Hey so they’re pretty fucking great movies huh?
    Can’t wait to see this one. And I hope he at least does one punch set to aeroplane engines winding up sound effects.

  11. Wasn’t it an odd choice to have Adonis retire in 2015, the year Creed came out? So three years later this takes place in 2018, the year Creed II came out. I suspect that was to make this take place before the pandemic but it makes the first two Creeds period pieces (and I don’t think the math of Dame’s prison stretch quite adds up).

    It happens. If Fasts 4-6 can be prequels to Tokyo Drift so can Creed III.

    I need to see this again in Imax. Weird they didn’t offer any Imax screenings for critics since they were pushing the Imax version so hard.

    Oh and Davis Kent told me she hopes to do Creed IV. I assured her since this franchise has been going since before I was born, it will surely continue long after.

  12. I didn’t catch that, I thought it said present day, but Wikipedia says he retires in 2017, making most of the movie 2020.

  13. I wrote down 2015 when it was on screen but maybe I got it wrong. It wasn’t confirmed in any other materials so no way to check until I see it again.

  14. That’s still a two year career though!

  15. And Amara is 7 now!

    Although Rocky Jr aged 3 years over the Christmas Rocky was in Russia so age works differently in this franchise.

  16. Multiple Brawls Broke Out During ’Creed III’ Screenings In Europe

    Videos of the fights quickly went viral online after multiple isolated incidents, leading to some theaters pulling the sequel.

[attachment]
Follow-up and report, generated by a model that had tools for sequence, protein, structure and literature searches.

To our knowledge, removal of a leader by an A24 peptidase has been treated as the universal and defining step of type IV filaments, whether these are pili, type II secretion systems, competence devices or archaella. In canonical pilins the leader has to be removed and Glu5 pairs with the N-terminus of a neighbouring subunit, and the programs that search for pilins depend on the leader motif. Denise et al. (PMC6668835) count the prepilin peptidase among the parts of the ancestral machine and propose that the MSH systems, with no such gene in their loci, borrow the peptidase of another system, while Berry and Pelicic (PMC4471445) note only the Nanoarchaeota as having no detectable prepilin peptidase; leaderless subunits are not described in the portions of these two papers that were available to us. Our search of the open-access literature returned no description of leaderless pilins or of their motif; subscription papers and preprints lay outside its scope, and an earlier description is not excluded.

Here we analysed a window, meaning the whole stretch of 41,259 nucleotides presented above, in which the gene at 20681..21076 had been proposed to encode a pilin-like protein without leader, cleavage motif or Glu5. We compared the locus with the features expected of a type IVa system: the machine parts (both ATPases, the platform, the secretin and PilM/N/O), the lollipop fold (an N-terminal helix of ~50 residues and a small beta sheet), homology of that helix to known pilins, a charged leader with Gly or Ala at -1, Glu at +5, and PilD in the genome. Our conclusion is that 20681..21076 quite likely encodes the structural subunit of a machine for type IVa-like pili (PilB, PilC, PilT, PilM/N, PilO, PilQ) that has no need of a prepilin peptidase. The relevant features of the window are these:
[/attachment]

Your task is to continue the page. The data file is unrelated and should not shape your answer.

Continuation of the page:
It’s apparently a Tiktok trend in France to fight in Creed 3 screenings.

  17. I hope this one releases on home video with a fair amount of deleted stuff, because rewatching the official trailer, there’s a couple of things I don’t remember the final movie having. A press conference scene where Rocky is mentioned, Dame wearing a tracking anklet when sparring, adult Donnie in the prison with Amara and Bianca as the prisoners chant his name.

  18. SPOILERS – Kaplan, I obviously agree about the weaknesses in Adonis’s characterization and arc and the shoe-horny / ret-conny quality of his main conflict here, which seems to either try to manufacture new past revelations or revive and rehash old Adonis “angry black male” trope character flaws (he is emotionally guarded and defiant because of macho and not having a dad). A lot of those issues seemed to be thoroughly worked out in CREED I and II, which is not to say you can’t have a relapse of difficult emotional/character patterns IRL, but in the context of a sprawling franchise, it felt like reruns, where I want to see character progress or regress get locked in or have real stakes for the character — not merely oscillation back and forth between growth and regression. I’d like to lock in some of that growth and move on to new character development stuff. In the end, I don’t think the film really convinces you that Adonis ever did anything all that bad (weak conflict), and then Bianca tells him in no uncertain terms that he deserves his current life and has nothing to feel guilty for, which seems to confirm that this is a weak conflict. Likewise, there is this theme of settling things with words and not fists that Vern brings up, but not only does Adonis settle things with fists first then words (military defeat first, then terms of peace), but the thread with his daughter using fists not words ultimately ends in her sparring with him in the ring. Not a clear message there.